Kobe Bryant recently wrapped up his 8th China tour -- another successful one, judging by the response -- and as part of Nike's Mamba Mentality campaign, this ad was recently released exclusively in China.
It's all over but the crying for the Chinese basketball team at the 2013 FIBA Asia Championship after a shocking 18-point defeat at the hands of Chinese Taipei in the quarterfinals today. With Yi Jianlian scoring the first bucket and Zhu Fangyu and Wang Shipeng hitting shots from the outside, China jumped out to an 8-3, then 13-5 lead, and at one point in the 2nd quarter was up by 17. CCTV-5 commentators, openly rooting for China, said Taiwan ("Chinese Taipei") looked like "little brother playing big brother."
Liaoning Whowin played host to Shangai Shenhua on August 1 (yes, eight days ago; sorry, this is late), which wouldn't be worth mentioning if not for a terrible, terrible tackle that might be called straight-up assault if it didn't happen on a soccer pitch. (And if people in real life, hilariously, also could not use their hands.) You can watch it above, or look at the screenshots below to get an idea of how bad it was.
Only three more days remain in the 2013 FIBA Asia Championship, beginning with the quarterfinals today. Can Iran run the tables and finish undefeated? Can host Philippines get past its first-round matchup? Will South Korea's hot streak continue? Is Yi Jianlian completely recovered from an injury that forced him to sit four games?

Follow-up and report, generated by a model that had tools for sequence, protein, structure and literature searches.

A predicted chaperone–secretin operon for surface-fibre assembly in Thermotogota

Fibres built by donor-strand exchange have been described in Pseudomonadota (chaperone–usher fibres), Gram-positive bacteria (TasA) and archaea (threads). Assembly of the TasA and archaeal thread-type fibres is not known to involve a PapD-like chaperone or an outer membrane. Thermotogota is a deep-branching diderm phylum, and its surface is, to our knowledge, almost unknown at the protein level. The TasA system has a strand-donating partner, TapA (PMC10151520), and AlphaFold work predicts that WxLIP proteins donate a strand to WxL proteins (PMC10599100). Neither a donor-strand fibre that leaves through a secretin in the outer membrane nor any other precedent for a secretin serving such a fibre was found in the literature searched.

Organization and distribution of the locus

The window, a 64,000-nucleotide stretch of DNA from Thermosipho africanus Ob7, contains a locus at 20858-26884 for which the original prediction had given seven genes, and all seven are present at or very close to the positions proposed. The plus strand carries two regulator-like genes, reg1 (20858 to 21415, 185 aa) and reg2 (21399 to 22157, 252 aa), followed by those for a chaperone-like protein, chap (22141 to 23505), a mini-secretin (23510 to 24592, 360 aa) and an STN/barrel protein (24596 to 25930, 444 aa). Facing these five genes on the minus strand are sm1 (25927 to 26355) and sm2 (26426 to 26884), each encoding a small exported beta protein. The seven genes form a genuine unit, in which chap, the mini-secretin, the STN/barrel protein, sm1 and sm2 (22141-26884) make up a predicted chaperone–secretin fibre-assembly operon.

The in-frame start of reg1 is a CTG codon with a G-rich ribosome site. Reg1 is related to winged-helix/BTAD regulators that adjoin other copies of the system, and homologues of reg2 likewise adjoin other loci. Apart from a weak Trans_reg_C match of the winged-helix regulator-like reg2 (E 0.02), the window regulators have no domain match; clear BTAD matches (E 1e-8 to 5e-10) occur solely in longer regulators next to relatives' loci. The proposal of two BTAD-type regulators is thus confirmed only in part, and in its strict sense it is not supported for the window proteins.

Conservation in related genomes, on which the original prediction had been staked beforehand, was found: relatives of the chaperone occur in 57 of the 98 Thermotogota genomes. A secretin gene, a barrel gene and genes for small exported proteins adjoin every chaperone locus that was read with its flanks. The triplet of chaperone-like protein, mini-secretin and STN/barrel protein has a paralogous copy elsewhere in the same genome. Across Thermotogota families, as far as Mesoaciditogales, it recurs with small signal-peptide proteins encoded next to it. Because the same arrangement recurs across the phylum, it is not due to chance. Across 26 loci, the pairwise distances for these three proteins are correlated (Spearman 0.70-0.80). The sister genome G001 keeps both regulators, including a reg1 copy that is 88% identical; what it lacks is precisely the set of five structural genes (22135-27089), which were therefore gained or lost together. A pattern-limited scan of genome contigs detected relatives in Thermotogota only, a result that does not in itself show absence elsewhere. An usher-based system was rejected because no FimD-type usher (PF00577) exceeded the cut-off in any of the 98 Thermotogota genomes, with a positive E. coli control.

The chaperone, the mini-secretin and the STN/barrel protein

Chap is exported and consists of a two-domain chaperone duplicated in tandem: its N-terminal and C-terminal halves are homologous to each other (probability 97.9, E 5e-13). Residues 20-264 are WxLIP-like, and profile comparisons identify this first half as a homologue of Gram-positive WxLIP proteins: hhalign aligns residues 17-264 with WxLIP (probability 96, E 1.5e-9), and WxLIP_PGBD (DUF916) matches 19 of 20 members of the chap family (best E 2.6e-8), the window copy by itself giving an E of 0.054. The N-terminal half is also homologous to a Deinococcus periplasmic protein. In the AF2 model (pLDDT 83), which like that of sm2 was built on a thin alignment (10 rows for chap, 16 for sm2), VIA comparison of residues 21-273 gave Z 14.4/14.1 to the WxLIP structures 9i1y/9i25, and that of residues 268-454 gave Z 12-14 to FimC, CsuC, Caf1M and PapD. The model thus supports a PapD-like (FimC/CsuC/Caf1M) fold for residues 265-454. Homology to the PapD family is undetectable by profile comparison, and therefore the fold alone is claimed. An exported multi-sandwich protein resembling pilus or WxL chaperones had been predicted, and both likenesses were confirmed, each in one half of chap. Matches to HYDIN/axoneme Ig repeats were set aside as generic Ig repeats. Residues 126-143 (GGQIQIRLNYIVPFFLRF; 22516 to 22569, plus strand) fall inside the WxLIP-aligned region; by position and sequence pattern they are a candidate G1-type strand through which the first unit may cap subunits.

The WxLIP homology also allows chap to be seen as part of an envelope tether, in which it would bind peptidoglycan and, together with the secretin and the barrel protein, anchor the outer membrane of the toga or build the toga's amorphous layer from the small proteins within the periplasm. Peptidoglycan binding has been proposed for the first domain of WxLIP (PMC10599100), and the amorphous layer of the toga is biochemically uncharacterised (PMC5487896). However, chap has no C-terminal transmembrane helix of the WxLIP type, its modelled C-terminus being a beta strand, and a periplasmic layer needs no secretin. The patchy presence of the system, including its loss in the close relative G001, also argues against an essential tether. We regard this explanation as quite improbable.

To help us make sense of it all, here's Nick Bedard of Basketball Buddha.
Kobe Bryant is currently in China with Nike, for the eighth time, to "inspire young athletes." "As a key part of his tour, Bryant will surprise fans by dropping in at various basketball courts in each city to watch players who have heeded the call to come out and play basketball at night," Nike reports, so if you want a chance to meet Kobe, get out there and play basketball on your city's most popular court at night.
Sun Yang -- who might objectively be the best freestyle swimmer in the world -- pulled off a "miracle swim" even for his standards on Friday in the 4x200m freestyle relay at the 15th FINA World Championships in Barcelona.
Check out the video above. When Sun hits the water (lane 8, very bottom of the screen), his team's in fifth place and more than two seconds behind the third-place French. All he does is swim 200 meters in 1:43.96 and beat both the French (lane 6) and Japanese (lane 3) swimmers by a fingertip.